Book Reviews

Winner of the

Will Solimene Award for Excellence in Medical Communication

from the American Medical Writers Association (AMWA)

D. Donovan

Senior Reviewer – Midwest Book Review

HIV/AIDS in South Africa — The Facts and the Fiction was recently awarded the 2014 Will Solimene Awards for Excellence in Medical Communication – an award which recognizes outstanding achievement in medical, biomedical and health communications published in the prior two years – and it’s easy to see why.

At first glance the title might seem directed to an elite and narrow audience of health professions concerned about AIDS and HIV, but closer inspection shows that it’s actually a review of some 3,000 medical articles which synthesize and document the story of AIDS over some thirty years and provide a startling account of medical policy mismanagement and flawed statistics.

The details are synthesized in a summary of statistics and facts about how HIV/AIDS has spread around the world, and refutes commonly-held beliefs, demonstrating that scientific literature clearly shows New York City as the epicenter of the AIDS epidemic, and that the idea that HIV came from monkeys is false.

Jennings’ weightier, primary book, HIV/AIDS – The Facts and the Fiction, offers support of his premises and investigations into scientific statistics and literature. This shorter companion volume narrows the focus to South Africa, offering data listing raw numbers of reported AIDS and empirical death counts and providing an opportunity to contrast these figures with computer estimates and data from the U.S.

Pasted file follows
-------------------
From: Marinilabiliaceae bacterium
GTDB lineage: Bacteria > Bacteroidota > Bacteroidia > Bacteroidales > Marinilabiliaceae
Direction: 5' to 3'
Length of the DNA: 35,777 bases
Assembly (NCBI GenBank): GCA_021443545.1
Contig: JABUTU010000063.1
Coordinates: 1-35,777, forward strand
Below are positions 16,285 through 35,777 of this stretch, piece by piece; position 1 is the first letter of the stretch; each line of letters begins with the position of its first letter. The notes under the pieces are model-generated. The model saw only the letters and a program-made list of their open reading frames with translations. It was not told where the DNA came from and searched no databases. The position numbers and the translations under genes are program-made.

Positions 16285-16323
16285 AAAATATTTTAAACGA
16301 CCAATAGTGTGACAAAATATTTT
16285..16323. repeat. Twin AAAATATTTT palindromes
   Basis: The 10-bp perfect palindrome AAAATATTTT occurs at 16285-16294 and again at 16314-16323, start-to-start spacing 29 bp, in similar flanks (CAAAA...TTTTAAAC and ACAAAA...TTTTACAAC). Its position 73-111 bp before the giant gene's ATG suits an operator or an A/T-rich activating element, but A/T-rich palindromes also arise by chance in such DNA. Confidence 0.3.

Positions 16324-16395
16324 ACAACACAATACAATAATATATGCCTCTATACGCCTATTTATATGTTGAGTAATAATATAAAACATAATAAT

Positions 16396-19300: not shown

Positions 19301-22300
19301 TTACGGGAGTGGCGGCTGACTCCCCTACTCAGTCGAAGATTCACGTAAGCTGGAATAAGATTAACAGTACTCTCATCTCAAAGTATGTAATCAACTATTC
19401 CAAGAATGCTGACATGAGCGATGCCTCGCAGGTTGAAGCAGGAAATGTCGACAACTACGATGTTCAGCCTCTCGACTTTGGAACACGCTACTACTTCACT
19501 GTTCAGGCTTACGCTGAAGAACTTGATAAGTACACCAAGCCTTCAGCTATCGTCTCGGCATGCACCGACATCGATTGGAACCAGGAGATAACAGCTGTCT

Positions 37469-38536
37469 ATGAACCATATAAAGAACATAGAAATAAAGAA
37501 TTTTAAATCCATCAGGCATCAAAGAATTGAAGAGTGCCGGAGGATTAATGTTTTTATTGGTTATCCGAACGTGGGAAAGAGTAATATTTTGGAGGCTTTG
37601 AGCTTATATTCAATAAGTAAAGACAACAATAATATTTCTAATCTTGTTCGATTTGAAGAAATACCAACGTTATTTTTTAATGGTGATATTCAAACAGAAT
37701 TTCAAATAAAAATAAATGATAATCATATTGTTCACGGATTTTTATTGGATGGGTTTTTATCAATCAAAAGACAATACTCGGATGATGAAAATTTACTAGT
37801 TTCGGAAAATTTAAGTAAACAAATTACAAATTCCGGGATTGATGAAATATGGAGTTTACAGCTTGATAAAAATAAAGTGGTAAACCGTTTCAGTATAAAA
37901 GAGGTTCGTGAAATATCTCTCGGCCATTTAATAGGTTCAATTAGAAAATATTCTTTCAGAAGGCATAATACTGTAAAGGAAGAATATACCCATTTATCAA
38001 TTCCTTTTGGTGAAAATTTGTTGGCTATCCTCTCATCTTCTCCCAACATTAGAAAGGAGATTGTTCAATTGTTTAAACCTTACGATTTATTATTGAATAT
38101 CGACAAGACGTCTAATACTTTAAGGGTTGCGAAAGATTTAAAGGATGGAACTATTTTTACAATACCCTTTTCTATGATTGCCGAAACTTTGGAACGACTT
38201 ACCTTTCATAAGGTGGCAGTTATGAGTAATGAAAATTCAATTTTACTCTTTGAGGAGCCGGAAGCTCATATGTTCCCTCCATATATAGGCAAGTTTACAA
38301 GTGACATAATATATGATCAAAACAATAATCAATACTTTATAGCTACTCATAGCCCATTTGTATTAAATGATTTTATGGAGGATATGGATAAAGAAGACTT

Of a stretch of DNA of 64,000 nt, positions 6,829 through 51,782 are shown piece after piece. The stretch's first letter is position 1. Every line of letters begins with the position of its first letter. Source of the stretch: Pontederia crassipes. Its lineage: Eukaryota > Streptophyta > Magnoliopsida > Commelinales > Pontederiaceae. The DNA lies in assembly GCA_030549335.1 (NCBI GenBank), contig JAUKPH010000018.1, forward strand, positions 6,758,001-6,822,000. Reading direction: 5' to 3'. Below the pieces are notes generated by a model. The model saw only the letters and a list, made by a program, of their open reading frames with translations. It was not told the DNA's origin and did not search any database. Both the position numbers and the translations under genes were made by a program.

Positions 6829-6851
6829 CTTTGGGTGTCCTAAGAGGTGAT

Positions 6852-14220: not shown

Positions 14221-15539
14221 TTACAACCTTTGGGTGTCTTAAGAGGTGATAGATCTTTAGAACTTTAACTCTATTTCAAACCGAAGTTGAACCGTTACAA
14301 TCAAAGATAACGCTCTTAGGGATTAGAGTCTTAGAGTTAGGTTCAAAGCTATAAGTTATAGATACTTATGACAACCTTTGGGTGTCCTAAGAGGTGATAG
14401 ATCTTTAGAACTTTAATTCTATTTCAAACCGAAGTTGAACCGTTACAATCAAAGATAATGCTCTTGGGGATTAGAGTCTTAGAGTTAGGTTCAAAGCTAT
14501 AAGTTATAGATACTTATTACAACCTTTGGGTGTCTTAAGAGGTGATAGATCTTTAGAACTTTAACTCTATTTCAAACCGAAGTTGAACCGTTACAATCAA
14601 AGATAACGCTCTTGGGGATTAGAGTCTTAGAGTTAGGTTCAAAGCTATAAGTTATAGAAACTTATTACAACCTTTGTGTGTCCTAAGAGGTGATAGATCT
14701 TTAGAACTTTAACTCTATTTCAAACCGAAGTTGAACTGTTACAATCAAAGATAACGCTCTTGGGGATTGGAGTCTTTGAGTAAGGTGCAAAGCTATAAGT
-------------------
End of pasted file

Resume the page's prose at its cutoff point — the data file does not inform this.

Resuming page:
College-level collections looking for a solid gathering of statistical evidence surrounding HIV and AIDS will find this volume and its companion to be essential references.

Stuart Derbyshire

Setting the record straight on AIDS


Feckless, hypersexed Africans killing themselves with an STD was an idea just too compelling to be diverted by facts. At least, perhaps, until now.

No disease in modern memory has produced more excitement and misinformation than HIV/AIDS. . . . But the expected Western heterosexual epidemic never materialised and global concern shifted towards Africa, where predicted AIDS devastation and extinction became commonplace. For example, the then president of Botswana, Festus Mogae, declared in March 2001 that his country faced extinction. His comments led to many newspapers suggesting Botswana would be gone within 10 years. A string of Western and African leaders followed Mogae by vying for the most apocalyptic vision during a special session of the UN to address AIDS in June 2001. In case you are wondering, Botswana avoided extinction. The population of Botswana continued to increase steadily from 1.8 million in 2001 to just over two million in 2010. And the population of Africa as a whole increased by about 20 per cent from 2000 to 2010.

Chris Jennings’ book, HIV/AIDS — The Facts and the Fiction, takes aim at many different sources of misinformation hoping to, ‘reconfigure the conceptual paradigm of the HIV/AIDS epidemic; such that resource allocations and healthcare interventions work to serve the benefit, and not the detriment, of the populations at need… Ideally, this book is a starting point for new investigations.’

Jennings’ first proposal is that AIDS originated in New York City and then migrated to the rest of the world. Consequently, he dismisses the idea that the HIV virus found its way into human populations through contact between humans and African monkeys and also questions the extent of the AIDS pandemic in Africa.

Jennings begins by arguing that the first credible cases of HIV/AIDS emerged in New York and the West Coast of America, not in Africa. From there, the disease migrated to Denmark, West Germany and Britain, with the early cases involving a substantial proportion of gay men who had visited the US. In all of these countries, the emerging epidemic lagged significantly behind the US. For example, by July 1983, Britain had reported 14 AIDS cases compared with 1,972 in the US. This pattern was suggestive of a spread from the US.